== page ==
But federal agencies and industry groups say lawsuits are out of control. More punitive damage verdicts of more than $100 million have been issued in the past 10 years than in the rest of U.S. history, said Ted Frank, a fellow at the conservative American Enterprise Institute.
He added that liability-happy lawyers have put companies and designers in a “damned if you do, damned if you don’t” situation. For example, he says, adding more weight to a car’s roof can protect riders in a rollover, but it also makes the car more likely to tip in the first place.
An earlier version of the story on-line goes on to quote me about the hindsight bias juries exhibit when judging design decisions.
I wasn’t, but would have liked to have been, quoted disputing the claim made in the story that preemption is unique to the current Bush administration. Not so: the Bush I and Clinton administrations also recognized the importance of preemption. We’re just seeing the issue much more these days because trial lawyers have engaged in a campaign of unprecedented scope to hold manufacturers liable for meeting federal standards.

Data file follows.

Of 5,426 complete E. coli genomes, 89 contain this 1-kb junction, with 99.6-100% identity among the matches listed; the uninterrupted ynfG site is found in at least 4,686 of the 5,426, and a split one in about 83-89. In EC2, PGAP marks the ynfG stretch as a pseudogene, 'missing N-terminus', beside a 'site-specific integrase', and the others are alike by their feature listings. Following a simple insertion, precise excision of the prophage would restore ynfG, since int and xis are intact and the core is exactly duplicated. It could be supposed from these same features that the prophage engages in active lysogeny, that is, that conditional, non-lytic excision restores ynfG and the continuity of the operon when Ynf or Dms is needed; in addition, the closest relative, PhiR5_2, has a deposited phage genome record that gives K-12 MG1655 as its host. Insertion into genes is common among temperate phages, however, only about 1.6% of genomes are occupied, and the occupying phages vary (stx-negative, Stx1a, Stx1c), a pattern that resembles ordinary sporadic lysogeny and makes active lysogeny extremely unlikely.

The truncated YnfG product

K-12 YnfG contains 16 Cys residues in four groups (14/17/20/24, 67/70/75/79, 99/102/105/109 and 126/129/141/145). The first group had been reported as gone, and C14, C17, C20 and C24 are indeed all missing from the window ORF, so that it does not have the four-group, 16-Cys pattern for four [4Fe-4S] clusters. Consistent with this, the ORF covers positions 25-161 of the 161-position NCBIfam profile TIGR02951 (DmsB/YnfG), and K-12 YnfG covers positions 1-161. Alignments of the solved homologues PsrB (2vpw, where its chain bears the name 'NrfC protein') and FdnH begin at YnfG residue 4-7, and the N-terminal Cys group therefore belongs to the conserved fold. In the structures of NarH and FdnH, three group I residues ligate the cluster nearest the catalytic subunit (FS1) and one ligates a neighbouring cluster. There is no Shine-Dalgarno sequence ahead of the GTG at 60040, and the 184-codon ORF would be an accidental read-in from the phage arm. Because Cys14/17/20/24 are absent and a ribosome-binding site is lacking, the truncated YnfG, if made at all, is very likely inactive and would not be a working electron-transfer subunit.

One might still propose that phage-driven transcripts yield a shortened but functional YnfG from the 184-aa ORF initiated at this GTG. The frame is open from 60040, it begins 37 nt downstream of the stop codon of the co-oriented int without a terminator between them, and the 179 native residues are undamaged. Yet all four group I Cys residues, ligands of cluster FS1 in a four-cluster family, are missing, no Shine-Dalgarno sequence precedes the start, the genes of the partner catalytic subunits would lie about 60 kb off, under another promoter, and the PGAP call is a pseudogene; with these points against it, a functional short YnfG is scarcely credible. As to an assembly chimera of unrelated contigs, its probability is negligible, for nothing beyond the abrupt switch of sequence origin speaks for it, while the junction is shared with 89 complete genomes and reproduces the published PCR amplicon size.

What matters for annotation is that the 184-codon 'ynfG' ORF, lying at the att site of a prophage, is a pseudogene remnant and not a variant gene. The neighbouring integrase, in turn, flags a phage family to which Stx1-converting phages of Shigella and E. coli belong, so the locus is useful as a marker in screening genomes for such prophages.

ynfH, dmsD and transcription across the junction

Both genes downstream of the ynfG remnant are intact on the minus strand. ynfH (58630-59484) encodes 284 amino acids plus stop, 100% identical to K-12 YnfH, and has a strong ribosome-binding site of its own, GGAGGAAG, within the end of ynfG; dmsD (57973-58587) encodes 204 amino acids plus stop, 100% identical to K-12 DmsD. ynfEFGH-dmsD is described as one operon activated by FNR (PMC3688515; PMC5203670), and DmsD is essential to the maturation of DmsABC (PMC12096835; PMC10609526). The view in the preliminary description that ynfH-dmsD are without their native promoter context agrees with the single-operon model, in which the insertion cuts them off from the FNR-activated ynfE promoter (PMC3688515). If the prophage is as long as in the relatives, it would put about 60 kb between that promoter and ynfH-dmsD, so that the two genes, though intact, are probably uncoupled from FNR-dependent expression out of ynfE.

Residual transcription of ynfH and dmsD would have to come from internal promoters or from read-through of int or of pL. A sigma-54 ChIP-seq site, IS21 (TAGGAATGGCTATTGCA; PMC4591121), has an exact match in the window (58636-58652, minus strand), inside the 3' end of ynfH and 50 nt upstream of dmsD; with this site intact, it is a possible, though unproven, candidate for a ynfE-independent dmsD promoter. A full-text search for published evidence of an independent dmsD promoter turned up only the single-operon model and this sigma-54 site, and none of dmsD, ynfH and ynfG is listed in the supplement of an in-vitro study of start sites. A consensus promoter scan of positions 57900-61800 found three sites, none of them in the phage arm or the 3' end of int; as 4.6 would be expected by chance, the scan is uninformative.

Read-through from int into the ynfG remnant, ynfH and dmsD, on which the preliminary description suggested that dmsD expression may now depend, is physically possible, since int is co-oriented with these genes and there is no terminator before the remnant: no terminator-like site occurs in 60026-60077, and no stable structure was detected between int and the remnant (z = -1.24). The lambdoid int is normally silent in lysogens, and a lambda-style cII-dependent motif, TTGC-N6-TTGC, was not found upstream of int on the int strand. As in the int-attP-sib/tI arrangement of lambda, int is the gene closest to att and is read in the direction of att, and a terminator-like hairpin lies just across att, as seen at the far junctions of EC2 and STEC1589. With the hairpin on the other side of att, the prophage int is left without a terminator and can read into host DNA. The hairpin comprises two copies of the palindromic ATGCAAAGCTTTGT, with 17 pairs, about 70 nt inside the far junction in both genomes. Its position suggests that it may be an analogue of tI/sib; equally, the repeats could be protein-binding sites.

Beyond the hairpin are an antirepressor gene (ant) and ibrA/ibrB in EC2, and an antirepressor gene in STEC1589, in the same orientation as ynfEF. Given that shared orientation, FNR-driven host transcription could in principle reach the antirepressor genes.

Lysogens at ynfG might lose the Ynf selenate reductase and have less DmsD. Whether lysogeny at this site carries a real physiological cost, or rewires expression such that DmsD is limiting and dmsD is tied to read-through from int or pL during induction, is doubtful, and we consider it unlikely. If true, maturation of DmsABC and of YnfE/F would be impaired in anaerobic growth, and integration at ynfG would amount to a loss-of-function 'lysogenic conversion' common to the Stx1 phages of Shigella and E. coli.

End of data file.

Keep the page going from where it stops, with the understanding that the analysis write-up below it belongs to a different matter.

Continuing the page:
NB how I am incorrectly identified as an “industry group”, and that I am identified as belonging to a “conservative” think-tank, though no one else gets a political descriptor. Indeed, Public Citizen is identified as a neutral “consumer advocate” rather than as a leftist group funded by trial lawyers–even though it opposes and I am the one who supports a policy that promotes consumer safety and lower prices.
Update, July 1: I got the paper to print a correction: “An article in the main news section Sunday incorrectly suggested that the American Enterprise Institute is an industry group. AEI is a Washington-based think tank.”